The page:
"It was an early time, technically, and the instrument had its limitations – it needed supplementary keyboards for harmony purposes because it was monophonic," Bley recalls. There was no instruction manual, and the instrument was incredibly temperamental, and almost impossible to tune. "I said, 'Put a sheet over this keyboard, and if anyone even coughs on it, the gig is off,’” Bley explains. He developed a proprietary interface that allowed realtime performance, and with Annette Peacock on bass and vocals, he formed The Bley-Peacock Synthesizer Show. After presenting the first live performance with synthesizer and voice treatment at Philharmonic Hall on 26 December 1969, he took his group to Europe. "At that time we worked with the ARP synthesizer as opposed to the Moog – 'ARP' stands for its inventor, Alan R Perlman," Bley says. "The ARP was four Moogs put in a single keyboard. This did change the timbre of the sound – you'd think that being oscillator based, they would sound alike, but in fact they were totally different – but none of the oscillators sounded as good as the original Moog."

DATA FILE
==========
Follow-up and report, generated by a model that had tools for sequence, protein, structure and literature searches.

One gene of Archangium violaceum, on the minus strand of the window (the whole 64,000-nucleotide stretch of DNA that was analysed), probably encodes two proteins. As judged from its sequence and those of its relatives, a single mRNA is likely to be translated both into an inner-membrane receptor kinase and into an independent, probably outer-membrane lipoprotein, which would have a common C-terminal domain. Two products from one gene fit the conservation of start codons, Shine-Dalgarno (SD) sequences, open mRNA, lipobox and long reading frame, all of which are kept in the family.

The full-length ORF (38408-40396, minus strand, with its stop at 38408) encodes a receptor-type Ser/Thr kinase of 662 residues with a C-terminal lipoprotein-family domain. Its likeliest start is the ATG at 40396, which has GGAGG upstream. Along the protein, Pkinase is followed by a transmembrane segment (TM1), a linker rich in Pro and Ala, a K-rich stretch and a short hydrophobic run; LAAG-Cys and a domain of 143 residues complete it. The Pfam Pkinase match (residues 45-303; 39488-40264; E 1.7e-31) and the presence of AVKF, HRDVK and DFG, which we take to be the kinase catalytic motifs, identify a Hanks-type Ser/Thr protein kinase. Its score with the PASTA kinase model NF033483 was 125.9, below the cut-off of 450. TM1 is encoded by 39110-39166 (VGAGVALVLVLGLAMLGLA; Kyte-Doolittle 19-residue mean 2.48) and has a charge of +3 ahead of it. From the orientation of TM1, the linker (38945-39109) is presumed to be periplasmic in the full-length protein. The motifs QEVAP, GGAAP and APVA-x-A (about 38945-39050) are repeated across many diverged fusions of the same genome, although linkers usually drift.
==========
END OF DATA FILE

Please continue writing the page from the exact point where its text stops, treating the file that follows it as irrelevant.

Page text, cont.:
After that troubled European tour, Bley decided that live performance didn't reward the huge efforts involved. However, the artistic fruits were considerable. Bley’s experiments helped Moog develop the Minimoog, a more performer-friendly instrument used by Prog rockers Keith Emerson and Rick Wakeman. But Bley's own efforts pushed the frontiers further. During 1969–71 he made ten synthesizer records, with Annette Peacock's voice synthesis on eight. These albums are poised interestingly – and rather uneasily – between free jazz, fusion, Prog rock and video and film sound effects. Dual Unity and Improvisie (1971) feature Bley on electric piano and synthesizer, Peacock on voice, bass and electronics, and Han Bennink on drums. Improvisie has two long pieces. The title track is elegiac, with blended acoustic and electric piano as well as synths, against Bennink’s playful interactions. “Touching” is a Peacock composition that first appeared on Bley’s 1965 album of that name, and she croons, drones, or emotes powerfully – occasionally too powerfully (see "MJ", on Dual Unity). Synthesizer Show (1970–71) and Paul Bley & Scorpio (1972) have been reissued on CD as Circles. Annette Peacock's evocative vocal/song album I'm The One (1970), with its more direct funky and countercultural resonances, also features Bley's electronics and synth on two tracks. By the time of these albums, which use the ARP 2600 – a monophonic machine, only allowing the playing of a single line, without chords – Bley had taken a more assured hold of the technology. Circles is closer to straightahead jazz with electric keyboards, less experimental than Dual Unity and Improvisie. "Snakes" features really funky synth, the closing section cleverly imitating electric guitar feedback; "El Cordobes" echoes the traditional organ combo.